From Malcom LaGauche
ESTIMATES BASED ON ESTIMATES
The number of deaths attributed to Saddam Hussein by the West is incomprehensible. If you add them all up, it seems he killed more people than the number who inhabit Iraq. He had to work overtime and must have had advanced weaponry of which no one is aware.
Numbers and techniques abound: 182,000 during the Anfal campaign (Despite the numbers, not one body has been found. Maybe Saddam had a secret vaporizing ray); 5,000 in Halabja (About 300 bodies were found and there is much doubt as to the origin of the gas used against the Kurds); and hundreds of thousands in the south of Iraq.
In November 2003, word came out that more than 400,000 bodies had been discovered in mass graves in Iraq. “The whole country is a mass graveyard” was the slogan of the day. Finally, proof of Saddam being the Butcher of Baghdad was there for the whole world to see. Case closed.
Let’s go forward a few months from the discovery of the almost half million bodies. On July 18, 2004, the headline of the day for the British paper The Independent read, “British Prime Minister Admits Graves Claim Untrue.” How could that be? George Bush and Tony Blair don’t lie. If we can’t trust them, who can we trust? Certainly not Saddam, even though he told the truth about WMD. That must have been a fluke.
According to the article:
Downing Street has admitted to The Observer that repeated claims by Tony Blair that “about 400,000 bodies had been found in Iraqi mass graves” is untrue, and only about 5,000 corpses have so far been uncovered.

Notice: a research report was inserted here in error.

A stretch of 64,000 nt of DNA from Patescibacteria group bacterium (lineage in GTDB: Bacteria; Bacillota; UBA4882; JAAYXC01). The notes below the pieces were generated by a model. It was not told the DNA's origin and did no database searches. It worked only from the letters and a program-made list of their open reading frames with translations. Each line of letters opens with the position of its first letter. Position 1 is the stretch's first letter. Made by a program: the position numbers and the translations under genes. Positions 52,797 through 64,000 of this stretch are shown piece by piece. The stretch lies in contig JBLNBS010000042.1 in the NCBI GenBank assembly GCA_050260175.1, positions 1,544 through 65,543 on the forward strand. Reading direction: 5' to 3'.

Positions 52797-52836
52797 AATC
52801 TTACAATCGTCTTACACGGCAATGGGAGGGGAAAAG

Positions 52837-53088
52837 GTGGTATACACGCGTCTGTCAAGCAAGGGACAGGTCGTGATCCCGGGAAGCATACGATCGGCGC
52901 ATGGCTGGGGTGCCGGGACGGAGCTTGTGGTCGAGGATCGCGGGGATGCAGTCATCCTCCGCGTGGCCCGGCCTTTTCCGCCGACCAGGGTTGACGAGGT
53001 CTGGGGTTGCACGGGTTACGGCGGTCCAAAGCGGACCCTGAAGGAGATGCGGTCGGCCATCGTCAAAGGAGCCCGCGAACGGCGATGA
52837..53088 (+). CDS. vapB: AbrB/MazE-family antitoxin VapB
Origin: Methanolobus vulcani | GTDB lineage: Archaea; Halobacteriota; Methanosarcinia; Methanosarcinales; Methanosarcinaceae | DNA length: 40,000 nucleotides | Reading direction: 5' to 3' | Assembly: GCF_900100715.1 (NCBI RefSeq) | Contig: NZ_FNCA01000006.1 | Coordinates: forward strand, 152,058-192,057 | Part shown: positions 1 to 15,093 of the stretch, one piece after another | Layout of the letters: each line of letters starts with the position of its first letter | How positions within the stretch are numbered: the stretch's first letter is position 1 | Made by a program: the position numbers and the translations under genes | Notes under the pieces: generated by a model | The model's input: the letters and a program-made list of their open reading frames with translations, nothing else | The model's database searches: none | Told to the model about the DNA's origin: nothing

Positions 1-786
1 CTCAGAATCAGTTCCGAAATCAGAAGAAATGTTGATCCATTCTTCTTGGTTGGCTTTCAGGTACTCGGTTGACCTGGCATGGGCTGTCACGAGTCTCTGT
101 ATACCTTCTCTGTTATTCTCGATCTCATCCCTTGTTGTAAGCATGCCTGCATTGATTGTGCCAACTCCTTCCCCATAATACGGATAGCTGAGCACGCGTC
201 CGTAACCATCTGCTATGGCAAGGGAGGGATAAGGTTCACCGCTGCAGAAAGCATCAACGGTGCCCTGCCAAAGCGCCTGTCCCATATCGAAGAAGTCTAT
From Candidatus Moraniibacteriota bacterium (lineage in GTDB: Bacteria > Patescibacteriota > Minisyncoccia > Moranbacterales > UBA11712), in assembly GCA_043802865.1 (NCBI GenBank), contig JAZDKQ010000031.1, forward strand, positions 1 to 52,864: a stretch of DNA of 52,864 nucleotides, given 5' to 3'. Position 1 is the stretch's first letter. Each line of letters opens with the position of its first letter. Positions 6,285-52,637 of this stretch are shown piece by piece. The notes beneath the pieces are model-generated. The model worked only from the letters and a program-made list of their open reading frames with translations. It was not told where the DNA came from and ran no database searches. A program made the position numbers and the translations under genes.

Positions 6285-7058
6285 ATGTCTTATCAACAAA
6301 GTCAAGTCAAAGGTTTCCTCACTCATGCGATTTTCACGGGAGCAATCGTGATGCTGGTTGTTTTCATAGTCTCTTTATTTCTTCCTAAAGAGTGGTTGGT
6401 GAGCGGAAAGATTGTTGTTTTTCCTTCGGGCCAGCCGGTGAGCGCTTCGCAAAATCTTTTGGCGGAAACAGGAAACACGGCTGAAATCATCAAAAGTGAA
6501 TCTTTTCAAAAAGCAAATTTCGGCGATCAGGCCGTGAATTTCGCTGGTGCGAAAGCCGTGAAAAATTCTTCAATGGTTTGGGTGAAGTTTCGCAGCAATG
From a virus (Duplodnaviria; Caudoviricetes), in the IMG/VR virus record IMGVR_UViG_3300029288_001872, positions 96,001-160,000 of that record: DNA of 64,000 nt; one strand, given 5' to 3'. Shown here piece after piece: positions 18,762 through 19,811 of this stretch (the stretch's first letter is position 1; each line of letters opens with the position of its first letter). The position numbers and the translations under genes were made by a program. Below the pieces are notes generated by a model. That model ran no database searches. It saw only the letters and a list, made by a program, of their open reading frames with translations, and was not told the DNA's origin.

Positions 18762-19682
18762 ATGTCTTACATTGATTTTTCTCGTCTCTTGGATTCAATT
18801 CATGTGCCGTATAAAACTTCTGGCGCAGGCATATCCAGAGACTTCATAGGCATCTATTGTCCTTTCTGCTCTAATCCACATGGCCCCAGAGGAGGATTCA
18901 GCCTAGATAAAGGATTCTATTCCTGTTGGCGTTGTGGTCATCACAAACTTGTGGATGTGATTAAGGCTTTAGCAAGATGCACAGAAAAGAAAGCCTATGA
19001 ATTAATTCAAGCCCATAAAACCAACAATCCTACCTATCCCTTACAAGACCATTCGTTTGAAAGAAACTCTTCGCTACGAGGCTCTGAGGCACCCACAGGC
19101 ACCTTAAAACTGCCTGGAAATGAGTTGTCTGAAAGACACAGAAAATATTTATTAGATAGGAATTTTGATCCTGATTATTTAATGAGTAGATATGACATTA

The claims by Blair in November and December of last year (2003) were given widespread credence, quoted by MPs and widely published, including in the introduction to a U.S. government pamphlet on Iraq’s mass graves.
In that publication, Iraq’s Legacy of Terror: Mass Graves, produced by USAID, the U.S. government aid distribution agency, Blair is quoted from 20 November last year: We’ve already discovered, just so far, the remains of 400,000 people in mass graves.”
Here’s what the USAID website stated:
If these numbers prove accurate, they represent a crime against humanity surpassed only by the Rwandan genocide of 1994, Pol Pot’s Cambodian killing fields in the 1970s, and the Nazi Holocaust of World War II.
I assume that USAID did not hear about the two million Iraqis who died at the hands of the U.S.-imposed embargo from 1990-2003. After all, they’re Iraqis: they don’t count.
The same article delved into the regression of other elevated figures attributed to Saddam Hussein and the Ba’ath regime in the north of the country. For instance, it mentioned that Human Rights Watch admitted it had to drastically decrease its figures of deaths and could not give an accurate figure.
Read all of it here.